“Would you listen to the devil on how to get to Heaven? Then why do you listen to insurance companies on how to settle claims against them?” –Trey Mills

Having only practiced close to seven (7) years doing 100% personal injury,  it is hard not to be cynical and disbelieving of anything insurance companies do or say. As an attorney I am held to a higher standard legally and ethically but for some reason the insurance adjuster can dispense false “legal advice” with no consequences. Most times what you say, can not be proven. Always ask for what the insurance adjusters tell you in writing.

Therefore, when the insurance company offers to pay your medical bills at what you paid in co-pays or reduced costs because you are fortunate to have health or supplemental insurance THEY ARE TRYING TO TAKE ADVANTAGE OF YOU.

In South Carolina the law states: The collateral source rule provides “that compensation received by an injured party from a source wholly independent of the wrongdoer will not reduce the damages owed by the wrongdoer.” Citizens and S. Natl. Bank of South Carolina v. Gregory, 320 S.C. 90, 92, 463 S.E.2d 317, 318 (1995).  A tortfeasor (at fault party) cannot “take advantage of a contract between an injured party and a third person, no matter whether the source of the funds received is `an insurance company, an employer, a family member, or other source.’” Pustaver v. Gooden, 350 S.C. 409, 413, 566 S.E.2d 199, 201 (Ct.App.2002) (citations omitted).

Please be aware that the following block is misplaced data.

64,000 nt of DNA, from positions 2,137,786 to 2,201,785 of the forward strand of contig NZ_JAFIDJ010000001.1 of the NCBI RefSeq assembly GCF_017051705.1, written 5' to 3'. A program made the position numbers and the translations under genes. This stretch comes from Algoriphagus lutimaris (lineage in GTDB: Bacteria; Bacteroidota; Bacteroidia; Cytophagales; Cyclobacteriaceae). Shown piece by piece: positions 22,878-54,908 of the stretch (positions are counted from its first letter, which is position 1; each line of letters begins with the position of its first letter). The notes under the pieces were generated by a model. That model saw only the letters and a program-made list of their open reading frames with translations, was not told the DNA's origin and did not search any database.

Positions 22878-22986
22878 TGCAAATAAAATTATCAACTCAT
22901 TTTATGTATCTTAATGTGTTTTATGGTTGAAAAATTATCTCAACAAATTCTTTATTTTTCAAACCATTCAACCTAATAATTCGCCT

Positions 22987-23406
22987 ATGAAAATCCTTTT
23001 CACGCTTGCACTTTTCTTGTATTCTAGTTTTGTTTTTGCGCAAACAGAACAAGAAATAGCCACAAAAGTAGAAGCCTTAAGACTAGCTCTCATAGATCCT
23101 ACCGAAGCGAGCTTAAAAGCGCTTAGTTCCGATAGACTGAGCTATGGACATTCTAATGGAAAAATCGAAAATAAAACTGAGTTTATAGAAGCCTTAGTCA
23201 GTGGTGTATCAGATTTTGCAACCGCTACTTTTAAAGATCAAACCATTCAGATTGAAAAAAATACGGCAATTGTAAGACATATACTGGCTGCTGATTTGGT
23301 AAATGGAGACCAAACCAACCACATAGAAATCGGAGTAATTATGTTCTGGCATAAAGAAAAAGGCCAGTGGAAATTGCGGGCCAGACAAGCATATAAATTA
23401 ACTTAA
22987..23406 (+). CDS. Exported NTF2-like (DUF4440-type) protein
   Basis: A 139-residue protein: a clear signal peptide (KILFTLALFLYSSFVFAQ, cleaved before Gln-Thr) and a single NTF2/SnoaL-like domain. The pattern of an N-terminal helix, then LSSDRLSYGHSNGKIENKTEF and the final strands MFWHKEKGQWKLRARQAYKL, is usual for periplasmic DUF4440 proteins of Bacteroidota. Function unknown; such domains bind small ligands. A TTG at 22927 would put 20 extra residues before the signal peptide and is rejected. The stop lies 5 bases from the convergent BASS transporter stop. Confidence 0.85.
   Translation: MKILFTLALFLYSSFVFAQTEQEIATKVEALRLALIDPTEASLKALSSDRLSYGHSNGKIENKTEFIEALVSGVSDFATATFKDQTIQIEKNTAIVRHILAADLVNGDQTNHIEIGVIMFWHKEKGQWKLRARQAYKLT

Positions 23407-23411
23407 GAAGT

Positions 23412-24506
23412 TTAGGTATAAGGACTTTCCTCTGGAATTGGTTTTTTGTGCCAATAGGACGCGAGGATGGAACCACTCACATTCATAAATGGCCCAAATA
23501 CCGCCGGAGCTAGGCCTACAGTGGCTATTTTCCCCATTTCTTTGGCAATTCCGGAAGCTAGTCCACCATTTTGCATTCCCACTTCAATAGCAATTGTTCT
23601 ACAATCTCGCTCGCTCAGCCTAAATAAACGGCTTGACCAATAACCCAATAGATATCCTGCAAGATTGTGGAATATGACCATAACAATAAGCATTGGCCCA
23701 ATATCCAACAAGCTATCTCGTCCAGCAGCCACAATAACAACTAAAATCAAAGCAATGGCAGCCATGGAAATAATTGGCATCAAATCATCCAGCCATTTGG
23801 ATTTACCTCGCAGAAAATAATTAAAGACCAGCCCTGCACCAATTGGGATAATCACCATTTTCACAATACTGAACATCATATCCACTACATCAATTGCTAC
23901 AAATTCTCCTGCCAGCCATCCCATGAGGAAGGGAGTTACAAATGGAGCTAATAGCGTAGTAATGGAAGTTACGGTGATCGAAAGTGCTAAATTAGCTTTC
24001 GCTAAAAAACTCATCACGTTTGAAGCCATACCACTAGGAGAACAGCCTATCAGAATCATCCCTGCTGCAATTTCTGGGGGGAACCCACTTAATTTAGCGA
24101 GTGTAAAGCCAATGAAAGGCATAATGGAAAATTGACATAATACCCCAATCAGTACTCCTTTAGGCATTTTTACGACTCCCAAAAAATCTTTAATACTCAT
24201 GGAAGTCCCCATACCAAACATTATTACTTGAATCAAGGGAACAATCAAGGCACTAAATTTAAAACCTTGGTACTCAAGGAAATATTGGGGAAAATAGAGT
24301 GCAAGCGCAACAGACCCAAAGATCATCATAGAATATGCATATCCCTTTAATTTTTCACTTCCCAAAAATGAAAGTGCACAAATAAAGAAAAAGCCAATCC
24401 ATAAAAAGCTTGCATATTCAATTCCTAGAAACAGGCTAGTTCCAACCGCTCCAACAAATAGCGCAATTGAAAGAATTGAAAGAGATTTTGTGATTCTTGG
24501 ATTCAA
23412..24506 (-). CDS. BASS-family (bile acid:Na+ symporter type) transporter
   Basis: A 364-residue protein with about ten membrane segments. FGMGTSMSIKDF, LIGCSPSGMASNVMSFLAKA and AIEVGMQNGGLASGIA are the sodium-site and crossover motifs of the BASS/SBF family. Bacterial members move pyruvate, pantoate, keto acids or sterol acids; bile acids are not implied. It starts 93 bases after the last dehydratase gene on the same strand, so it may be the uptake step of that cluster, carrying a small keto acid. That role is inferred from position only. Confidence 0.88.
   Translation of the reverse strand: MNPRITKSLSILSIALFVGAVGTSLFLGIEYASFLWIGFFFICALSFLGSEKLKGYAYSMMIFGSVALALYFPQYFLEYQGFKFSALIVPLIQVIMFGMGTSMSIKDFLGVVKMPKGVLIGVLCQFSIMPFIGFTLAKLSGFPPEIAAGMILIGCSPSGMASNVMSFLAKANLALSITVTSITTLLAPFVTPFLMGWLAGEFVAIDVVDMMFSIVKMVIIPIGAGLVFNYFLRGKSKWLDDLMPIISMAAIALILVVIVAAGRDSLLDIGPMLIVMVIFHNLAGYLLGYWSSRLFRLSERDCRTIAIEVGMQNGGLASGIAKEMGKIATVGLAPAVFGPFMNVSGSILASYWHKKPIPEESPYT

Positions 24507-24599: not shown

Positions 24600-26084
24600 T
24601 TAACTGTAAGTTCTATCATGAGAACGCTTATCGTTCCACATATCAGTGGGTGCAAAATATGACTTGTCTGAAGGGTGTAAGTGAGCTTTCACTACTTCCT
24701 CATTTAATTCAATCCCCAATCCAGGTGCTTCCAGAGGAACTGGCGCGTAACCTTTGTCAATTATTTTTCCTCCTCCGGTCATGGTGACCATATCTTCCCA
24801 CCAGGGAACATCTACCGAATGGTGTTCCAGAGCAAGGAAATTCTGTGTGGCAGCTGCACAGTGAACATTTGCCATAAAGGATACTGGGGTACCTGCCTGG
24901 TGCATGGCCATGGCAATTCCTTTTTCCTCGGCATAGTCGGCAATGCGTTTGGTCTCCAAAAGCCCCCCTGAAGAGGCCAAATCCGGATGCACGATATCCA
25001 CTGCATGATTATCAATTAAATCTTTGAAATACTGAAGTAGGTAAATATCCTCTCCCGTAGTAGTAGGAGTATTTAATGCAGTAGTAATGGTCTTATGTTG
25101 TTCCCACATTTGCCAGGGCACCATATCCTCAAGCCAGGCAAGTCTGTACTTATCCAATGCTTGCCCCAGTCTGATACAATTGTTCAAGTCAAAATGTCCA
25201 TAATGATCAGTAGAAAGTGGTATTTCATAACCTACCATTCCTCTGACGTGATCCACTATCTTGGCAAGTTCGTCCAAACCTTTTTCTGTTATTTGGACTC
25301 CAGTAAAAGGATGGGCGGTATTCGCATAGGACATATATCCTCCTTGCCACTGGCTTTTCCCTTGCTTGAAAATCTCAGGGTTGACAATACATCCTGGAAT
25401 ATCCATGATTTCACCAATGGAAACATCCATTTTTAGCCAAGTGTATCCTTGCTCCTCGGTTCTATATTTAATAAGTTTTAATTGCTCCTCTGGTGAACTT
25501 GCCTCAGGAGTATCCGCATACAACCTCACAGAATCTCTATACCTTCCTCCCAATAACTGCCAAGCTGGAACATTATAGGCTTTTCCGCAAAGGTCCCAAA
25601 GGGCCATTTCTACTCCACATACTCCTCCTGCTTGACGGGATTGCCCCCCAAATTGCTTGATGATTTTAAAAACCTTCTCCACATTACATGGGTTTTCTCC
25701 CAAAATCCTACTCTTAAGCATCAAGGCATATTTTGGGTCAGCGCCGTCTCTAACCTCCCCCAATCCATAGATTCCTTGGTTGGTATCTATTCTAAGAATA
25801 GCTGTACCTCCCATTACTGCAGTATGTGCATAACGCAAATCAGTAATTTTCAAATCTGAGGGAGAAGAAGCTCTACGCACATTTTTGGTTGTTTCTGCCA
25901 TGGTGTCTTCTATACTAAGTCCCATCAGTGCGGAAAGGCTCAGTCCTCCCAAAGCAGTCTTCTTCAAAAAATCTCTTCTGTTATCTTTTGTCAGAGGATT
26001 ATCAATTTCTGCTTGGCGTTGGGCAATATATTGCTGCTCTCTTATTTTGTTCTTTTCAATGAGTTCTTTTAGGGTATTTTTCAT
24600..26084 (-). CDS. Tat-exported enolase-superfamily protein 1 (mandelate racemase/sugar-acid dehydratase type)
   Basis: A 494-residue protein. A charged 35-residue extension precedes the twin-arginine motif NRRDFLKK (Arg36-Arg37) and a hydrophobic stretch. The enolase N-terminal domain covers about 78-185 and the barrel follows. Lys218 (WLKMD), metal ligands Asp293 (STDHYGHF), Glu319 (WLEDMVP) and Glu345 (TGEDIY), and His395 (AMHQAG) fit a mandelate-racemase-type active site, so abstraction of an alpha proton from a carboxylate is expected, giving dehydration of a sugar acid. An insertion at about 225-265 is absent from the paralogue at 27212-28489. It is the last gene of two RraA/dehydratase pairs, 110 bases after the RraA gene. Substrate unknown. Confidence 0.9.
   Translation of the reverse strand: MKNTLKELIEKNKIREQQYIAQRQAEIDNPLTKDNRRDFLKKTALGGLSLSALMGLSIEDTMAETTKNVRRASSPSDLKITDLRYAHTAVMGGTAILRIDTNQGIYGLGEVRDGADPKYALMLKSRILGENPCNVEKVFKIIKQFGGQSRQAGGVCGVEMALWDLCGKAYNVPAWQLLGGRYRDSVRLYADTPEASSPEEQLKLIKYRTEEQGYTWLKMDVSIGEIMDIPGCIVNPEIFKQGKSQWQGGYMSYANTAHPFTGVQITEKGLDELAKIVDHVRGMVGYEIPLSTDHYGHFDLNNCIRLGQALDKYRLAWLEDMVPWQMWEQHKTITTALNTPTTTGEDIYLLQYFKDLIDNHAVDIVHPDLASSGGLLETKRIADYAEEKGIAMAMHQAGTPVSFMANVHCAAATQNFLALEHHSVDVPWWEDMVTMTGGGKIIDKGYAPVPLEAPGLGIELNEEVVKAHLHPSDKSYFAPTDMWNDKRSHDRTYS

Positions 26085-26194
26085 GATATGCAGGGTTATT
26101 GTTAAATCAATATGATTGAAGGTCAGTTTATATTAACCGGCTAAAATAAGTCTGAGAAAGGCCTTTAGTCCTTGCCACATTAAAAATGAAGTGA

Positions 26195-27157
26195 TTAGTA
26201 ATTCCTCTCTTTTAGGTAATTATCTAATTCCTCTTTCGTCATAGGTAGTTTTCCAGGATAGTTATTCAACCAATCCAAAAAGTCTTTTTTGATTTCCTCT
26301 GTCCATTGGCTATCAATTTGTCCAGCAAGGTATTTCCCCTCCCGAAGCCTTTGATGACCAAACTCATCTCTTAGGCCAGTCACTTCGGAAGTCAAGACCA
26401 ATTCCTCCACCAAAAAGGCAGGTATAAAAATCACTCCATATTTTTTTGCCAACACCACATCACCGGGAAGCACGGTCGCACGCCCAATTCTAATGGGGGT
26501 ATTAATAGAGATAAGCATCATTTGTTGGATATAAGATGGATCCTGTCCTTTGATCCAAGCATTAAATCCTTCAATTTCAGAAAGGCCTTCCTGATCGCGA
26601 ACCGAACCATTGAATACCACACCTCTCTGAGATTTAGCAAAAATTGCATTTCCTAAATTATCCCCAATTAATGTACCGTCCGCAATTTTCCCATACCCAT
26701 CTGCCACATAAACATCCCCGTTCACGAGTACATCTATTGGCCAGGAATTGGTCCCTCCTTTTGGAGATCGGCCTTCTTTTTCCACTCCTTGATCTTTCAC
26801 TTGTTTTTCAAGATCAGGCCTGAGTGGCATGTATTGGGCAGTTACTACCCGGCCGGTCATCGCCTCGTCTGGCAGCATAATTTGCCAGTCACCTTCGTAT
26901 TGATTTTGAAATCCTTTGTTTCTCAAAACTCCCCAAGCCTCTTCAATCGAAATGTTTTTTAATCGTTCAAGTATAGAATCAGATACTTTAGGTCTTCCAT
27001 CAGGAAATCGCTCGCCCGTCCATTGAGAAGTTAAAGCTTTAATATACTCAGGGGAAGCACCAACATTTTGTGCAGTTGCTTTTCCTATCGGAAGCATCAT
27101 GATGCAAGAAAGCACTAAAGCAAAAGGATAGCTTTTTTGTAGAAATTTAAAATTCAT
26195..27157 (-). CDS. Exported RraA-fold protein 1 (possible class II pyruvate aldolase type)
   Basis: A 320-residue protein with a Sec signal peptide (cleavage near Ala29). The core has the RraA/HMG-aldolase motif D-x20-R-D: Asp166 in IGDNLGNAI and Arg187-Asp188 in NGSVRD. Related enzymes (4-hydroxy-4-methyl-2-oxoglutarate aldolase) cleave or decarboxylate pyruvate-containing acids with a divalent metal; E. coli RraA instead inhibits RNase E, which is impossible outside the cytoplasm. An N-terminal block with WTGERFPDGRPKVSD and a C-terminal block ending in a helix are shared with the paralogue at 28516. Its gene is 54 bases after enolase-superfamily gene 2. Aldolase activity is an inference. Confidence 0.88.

Stop being scammed by the insurance companies and start seeking out legal advice from lawyers. It costs you nothing to sit down and talk with most personal injury lawyers about your issues. Yes, if they take the case it will most times be taken on a contingency fee basis whereby they receive a percentage of the settlement they achieve for you. It’s a symbiotic relationship.

Do yourself a favor and ask these two questions before you settle your insurance claim:

  1. Would you rather have someone working for you, ie attorney, or someone working against you, ie insuranceadjuster?
  2. Do you think the insurance adjuster gets paid a bonus and/or receives a raise at the end of the year for paying out more money on claims, or paying out less money in claims?

To ensure the value of your settlement is reasonable and commensurate with your losses and harms, or damages, please consult with a personal injury attorney. You can contact us or find out more about us on Facebook.